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Are the Cubs at the forefront of a sinker revolution?

Brendan Miller Avatar
March 7, 2022

Chicago Cubs pitchers are pioneering a completely new type of sinker.

Over the past decade, sinker usage has declined across Major League Baseball. Pitchers have instead opted for high-velocity four-seam fastballs with carry atop the zone. Their reasoning is simple: they want to combat a hitter’s launch angle and generate whiffs.

No wonder the sinker — the easiest pitch to hit — is unpopular.

Cubs pitchers, however, have embraced the sinker in career-altering fashion. Among the adopters include veteran World Series champion Kyle Hendricks, former independent league pitcher Tommy Nance and up-and-coming arms Adbert Alzolay and Justin Steele.

These Cubs pitchers aren’t throwing sinkers for grounders, but rather they are throwing elevated sinkers towards batters’ wrists for whiffs. Hendricks was the first Cub to implement high sinkers, which happened a couple of years ago. Soon thereafter, Alzolay, who didn’t even have a sinker prior to 2020, developed a mid-90s sinker with which he hammers the top zone. And now Steele is the latest Cub to embrace the elevated pitch.

In the figure below, you will see the Cubs’ emphasis on elevated sinkers. This figure represents vertical sinker location (i.e., the height at which sinkers are thrown off the ground). The gray dots represent a pitcher’s average sinker vertical location (i.e., height off the ground), whereas the red dots specifically represent Cubs pitchers.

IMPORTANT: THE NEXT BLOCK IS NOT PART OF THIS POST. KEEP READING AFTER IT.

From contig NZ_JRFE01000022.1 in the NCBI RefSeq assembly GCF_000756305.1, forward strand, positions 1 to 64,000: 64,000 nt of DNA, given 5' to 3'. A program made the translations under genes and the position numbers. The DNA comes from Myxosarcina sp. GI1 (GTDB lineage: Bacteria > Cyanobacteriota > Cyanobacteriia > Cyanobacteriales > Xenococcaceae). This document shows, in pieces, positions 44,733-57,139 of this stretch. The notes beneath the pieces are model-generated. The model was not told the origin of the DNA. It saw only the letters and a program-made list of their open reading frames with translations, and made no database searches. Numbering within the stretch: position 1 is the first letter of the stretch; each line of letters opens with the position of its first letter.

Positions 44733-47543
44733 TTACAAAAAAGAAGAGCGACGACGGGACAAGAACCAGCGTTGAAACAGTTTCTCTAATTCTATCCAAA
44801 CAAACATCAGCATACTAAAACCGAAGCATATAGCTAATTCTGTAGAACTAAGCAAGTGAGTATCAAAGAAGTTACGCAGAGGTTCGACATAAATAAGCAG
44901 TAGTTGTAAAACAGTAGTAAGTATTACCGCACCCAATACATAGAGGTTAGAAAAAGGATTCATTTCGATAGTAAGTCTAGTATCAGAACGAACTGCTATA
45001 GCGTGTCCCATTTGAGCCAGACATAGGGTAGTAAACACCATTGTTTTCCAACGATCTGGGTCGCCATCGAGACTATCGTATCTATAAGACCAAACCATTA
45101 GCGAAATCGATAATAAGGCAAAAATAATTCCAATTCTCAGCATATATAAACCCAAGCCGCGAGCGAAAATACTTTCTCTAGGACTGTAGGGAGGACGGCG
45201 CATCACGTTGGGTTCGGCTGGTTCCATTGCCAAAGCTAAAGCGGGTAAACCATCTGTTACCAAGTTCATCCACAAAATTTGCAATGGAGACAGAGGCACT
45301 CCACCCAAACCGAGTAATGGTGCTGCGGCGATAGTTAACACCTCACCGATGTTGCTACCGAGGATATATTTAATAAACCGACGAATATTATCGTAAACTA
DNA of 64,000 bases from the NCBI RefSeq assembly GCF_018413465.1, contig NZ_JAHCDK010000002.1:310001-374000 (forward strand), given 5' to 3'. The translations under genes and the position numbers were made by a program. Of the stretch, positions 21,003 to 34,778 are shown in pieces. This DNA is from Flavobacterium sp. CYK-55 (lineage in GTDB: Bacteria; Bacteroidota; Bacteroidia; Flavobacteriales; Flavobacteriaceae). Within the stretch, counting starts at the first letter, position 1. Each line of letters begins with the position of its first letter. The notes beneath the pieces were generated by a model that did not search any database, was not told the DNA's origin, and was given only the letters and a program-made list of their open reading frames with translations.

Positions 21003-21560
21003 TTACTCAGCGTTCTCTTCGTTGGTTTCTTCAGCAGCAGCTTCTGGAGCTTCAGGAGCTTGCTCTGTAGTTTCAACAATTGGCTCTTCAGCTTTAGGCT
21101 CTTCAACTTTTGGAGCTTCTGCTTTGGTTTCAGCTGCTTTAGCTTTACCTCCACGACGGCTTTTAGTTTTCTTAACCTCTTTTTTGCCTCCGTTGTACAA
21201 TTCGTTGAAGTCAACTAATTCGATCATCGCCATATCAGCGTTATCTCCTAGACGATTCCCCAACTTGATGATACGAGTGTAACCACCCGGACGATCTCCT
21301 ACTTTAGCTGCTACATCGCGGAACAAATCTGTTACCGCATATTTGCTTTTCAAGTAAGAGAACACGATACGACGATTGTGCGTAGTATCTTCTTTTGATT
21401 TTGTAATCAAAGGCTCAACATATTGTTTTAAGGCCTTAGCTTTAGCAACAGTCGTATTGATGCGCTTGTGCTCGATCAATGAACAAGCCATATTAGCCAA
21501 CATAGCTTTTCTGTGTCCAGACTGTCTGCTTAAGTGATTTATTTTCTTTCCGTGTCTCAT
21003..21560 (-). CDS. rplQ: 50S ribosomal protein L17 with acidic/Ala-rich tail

Not only are Nance, Hendricks and Steele elevating their sinkers, but they are doing so in the top percentile. Closely behind them are Adrian Sampson and Alzolay. And just above league average is Manny Rodríguez, the Cubs’ young potential late-inning reliever who throws triple-digit fastballs.

Why are the Cubs throwing high sinkers? Pitching coach Tommy Hottovy hasn’t been asked this question yet, but he has discussed a relevant concept called “Seam Shift Wake.”

“What makes a pitch effective is the perceived movement that the hitter thinks is going to happen,” Hottovy told The Athletic’s Sahadev Sharma. “A hitter has seen so many pitches move a certain way with a certain spin. When they see that same spin and they go to react and it’s moving differently than normal, those are the types of pitches you’re trying to create. That’s why it’s so unique and difficult to do. When they do it, that’s when you have those outliers, the pitches that look like they should be going one way and go another or move further than they should.”

According to research led by Driveline, sinkers are most malleable to Seam Shift Wake. They even noted Hendricks was among the league leaders in Seam Shift Wake. In essence, a sinker with heavy Seam Shift Wake thrown high in the zone might act as a change-up. Think about it for a second. You’re up to bat, facing Hendricks, and see an 85-88 mph pitch thrown towards your wrists. Not only are you expecting minimal movement because it’s an elevated fastball, but you might not even be expecting the sinker to move that much. This is a recipe for whiffs, and it’s perhaps why Hendricks’ sinker whiff rate was nearly 100 percent greater than league average in 2020.

Ironically, though, Hendricks’ elevated sinkers might’ve contributed to his 2021 struggles. Throughout 2021, some hinted that Hendricks might be tipping his pitches. Whether that was indeed the case hasn’t been reconciled, but clearly Hendricks’ horizontal release point was a significant contributor to elevated sinkers. Statistical analysis suggests the chance that Hendricks’ vertical release point randomly led to elevated sinkers is 0.000000000000000005%.

Maybe, then, this is an intervention target for Hottovy and Hendricks.

Altogether, Hottovy’s vision for elevated sinkers deserves attention. While there are inherent risks, the concept is innovative and has already led to dramatic results.

For now, Cubs pitchers might be changing the purpose of a sinker in Major League Baseball.

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